This means that you may need to

get over the fear of really connecting with yourself even if it means facing those parts of yourself that you are not comfortable with; these are usually our feelings of fear around shame and unworthiness. Please show yourself the same love and compassion much as you would a child or someone who is hurting, maybe these hidden and neglected parts of you have been waiting for your attention all this while

say "no" to situations and people that don't serve you well at this time; this also makes it easier to say "yes" to those things that really matter in your life and you would like to pursue

find a meditation practice that will help you to practice paying attention; attention to your life, your body and your relationships with everything around you. Being mindful helps you to take part in your life fully and accept all feelings of joy, gratitude, anger, shame and love without any judgement

let go of expectations as you start on this journey of self-discovery; you may even feel the need to forgive and many times you may find that the person you need to forgive the most is yourself

become curious about your likes and dislikes; when was the last time you did something that you TRULY enjoyed doing and not because you had to do it or it was expected of you? Do you still enjoy hobbies, activities and even play like you used to? Find out what your likes and dislikes are at this point in your life by trying out different things

find a way to recognise your strengths so that you can consciously and effectively use them to enhance your life and overcome challenges; (you can use the "best possible self" narrative or even a survey like the VIA character strengths- I will be writing more on this in another post)

meet yourself with a sense of humour; everything in life does not need to be an emergency, you may need to learn to laugh at yourself or at situations at various points in time

explore the reasons behind your need to be "busy" at all times; is there something that you are trying to avoid facing in your life?

As you get to know yourself, you may also realise that

you are "whole" and worthy of being loved just as you are

the love that you desperately seek is right there deep inside of you. And as you start accepting yourself unconditionally, the craving for respect and approval that you seek from others loses its hold over you and social media becomes just another tool for connection and nothing more

your self-worth is not linked to anyone else or any external circumstances (which are usually not in your control); it has been there with you all along, you just needed to find it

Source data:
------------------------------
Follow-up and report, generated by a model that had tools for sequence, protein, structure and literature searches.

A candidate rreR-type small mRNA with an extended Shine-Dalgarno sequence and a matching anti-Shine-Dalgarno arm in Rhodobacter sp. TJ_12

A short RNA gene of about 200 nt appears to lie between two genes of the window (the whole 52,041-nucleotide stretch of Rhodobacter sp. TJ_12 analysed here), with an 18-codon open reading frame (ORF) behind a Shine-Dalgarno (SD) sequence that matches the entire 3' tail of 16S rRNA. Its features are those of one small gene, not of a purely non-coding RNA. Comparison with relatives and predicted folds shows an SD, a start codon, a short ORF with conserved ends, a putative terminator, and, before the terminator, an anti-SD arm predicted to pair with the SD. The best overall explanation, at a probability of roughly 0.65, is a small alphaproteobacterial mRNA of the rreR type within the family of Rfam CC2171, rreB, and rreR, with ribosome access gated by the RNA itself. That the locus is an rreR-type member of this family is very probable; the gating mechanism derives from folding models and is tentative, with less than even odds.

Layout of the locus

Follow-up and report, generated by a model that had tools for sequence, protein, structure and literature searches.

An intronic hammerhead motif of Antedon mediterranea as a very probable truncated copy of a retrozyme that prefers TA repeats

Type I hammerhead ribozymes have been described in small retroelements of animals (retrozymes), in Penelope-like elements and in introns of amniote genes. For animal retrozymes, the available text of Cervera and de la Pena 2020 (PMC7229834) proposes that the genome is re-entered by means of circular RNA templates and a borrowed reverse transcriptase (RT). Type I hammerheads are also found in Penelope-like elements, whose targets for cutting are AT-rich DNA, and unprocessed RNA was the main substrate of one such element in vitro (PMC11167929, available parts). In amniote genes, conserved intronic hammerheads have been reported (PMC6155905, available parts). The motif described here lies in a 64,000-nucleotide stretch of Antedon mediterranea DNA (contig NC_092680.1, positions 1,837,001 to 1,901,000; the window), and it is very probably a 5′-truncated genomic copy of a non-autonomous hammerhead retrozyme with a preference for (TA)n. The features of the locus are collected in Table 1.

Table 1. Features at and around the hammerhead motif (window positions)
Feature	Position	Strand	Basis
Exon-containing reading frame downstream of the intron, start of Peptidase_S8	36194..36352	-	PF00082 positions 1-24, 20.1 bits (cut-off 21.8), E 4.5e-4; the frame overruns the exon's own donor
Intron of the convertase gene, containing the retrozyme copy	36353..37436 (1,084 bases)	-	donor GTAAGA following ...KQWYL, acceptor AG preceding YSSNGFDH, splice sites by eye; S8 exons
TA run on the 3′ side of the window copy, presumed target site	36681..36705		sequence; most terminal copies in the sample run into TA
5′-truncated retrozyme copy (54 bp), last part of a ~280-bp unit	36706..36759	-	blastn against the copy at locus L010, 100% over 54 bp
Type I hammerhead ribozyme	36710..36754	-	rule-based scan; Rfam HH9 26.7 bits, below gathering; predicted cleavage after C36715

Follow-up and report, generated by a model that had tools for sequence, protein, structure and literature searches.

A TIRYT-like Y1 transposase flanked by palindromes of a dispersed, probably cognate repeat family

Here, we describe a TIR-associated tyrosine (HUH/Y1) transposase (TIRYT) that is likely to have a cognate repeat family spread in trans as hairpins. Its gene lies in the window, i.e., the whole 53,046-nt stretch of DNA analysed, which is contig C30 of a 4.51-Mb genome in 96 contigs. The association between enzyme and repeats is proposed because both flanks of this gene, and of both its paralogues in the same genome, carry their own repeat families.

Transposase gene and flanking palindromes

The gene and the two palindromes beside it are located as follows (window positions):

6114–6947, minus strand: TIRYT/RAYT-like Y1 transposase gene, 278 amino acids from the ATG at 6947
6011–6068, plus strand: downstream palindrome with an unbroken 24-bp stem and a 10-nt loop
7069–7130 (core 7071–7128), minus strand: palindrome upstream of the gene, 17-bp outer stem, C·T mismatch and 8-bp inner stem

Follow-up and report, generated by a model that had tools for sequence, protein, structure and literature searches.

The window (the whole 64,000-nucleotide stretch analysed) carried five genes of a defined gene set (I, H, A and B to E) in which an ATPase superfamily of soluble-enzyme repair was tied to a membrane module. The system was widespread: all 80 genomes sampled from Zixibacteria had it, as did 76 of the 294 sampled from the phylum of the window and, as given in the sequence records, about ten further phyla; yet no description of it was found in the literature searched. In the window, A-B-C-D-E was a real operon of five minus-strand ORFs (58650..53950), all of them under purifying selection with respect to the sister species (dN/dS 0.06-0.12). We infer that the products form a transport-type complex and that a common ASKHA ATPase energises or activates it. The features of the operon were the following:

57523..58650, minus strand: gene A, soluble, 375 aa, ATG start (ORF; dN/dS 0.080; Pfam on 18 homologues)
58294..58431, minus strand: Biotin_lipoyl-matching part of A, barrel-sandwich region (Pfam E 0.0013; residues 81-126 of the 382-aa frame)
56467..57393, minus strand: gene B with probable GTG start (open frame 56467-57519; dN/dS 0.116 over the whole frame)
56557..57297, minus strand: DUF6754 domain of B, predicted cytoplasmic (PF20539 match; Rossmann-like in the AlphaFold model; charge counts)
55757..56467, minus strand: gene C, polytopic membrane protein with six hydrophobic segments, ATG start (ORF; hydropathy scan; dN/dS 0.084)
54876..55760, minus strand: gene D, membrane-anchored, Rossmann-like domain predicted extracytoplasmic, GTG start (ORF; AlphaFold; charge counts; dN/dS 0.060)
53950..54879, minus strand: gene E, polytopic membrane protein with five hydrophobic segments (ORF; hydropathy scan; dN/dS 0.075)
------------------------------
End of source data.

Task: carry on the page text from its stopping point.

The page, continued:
you are and always will be a unique "work-in-progress" and that's ok; so is everyone else! The "perfect" body/job/partner is an illusion that we need to recognise and face up to  

With time, the compassion that you show for yourself can turn into unconditional self-acceptance. With this, we realise that most of the times, we need to find the strength to simply show up and be ourselves and know that IT IS ENOUGH. When this happens, we feel connected to ourselves and to everyone else in a way that ultimately gives our life meaning and helps us find our purpose.

As we become comfortable with who we are, we turn outwards because we feel that we are a part of a bigger whole; a realisation that makes us stop feeling isolated and lonely. This is a liberating and joyous realisation and makes life truly worth celebrating. This feeling of being connected to ourselves and others can help us in many different ways. We can find the strength to focus on healing ourselves in more ways than one even if our condition is beyond a "cure". And sometimes, we may find that through our own struggles and pain, we can ease the pain of others.

So I invite you to join me on a journey towards self-discovery. And if you have a need for it, this path that will ultimately lead you towards self-care and healing.

(I would love to hear your thoughts on this and the ONE way that you have decided to embark on this journey of self-discovery. Please share in the comments section below)

Selfcare- you cannot drink from an empty cup (Take back the power to heal yourself- part 2)

In my last post (you can read it here), I had highlighted the importance of self-care in terms of healing ourselves. In this post, I would like to delve deeper into this subject by answering the following questions.  

  • What is self-care really?
  • And how is it tied to self-compassion and well being?
  • Most importantly, how do you find the version that works best for you so that you are most likely to continue with the routine especially when times get rough and you are incredibly busy?

What we may not realise is that self-care is not selfish, in fact, it is just the opposite. As parents taking good care of ourselves and thereby setting an example for our children is one of the best gifts we can give them. And as adults and citizens, we can model self-care habits to build a culture of sustainable health.

"You can't pour from an empty cup, take care of yourself first"

 

This is especially true for women and definitely true for me. As natural givers and caretakers, those women who are also mothers are even worse at self-care.  This is true for healthcare providers and other similar professions as well where sleepless nights, emotional exhaustion and constant demand is commonplace. While there will always be certain situations which are beyond our control, most of the time, we can take out the time to replenish and rejuvenate ourselves on a regular basis. Much the same way that we take care of our cars.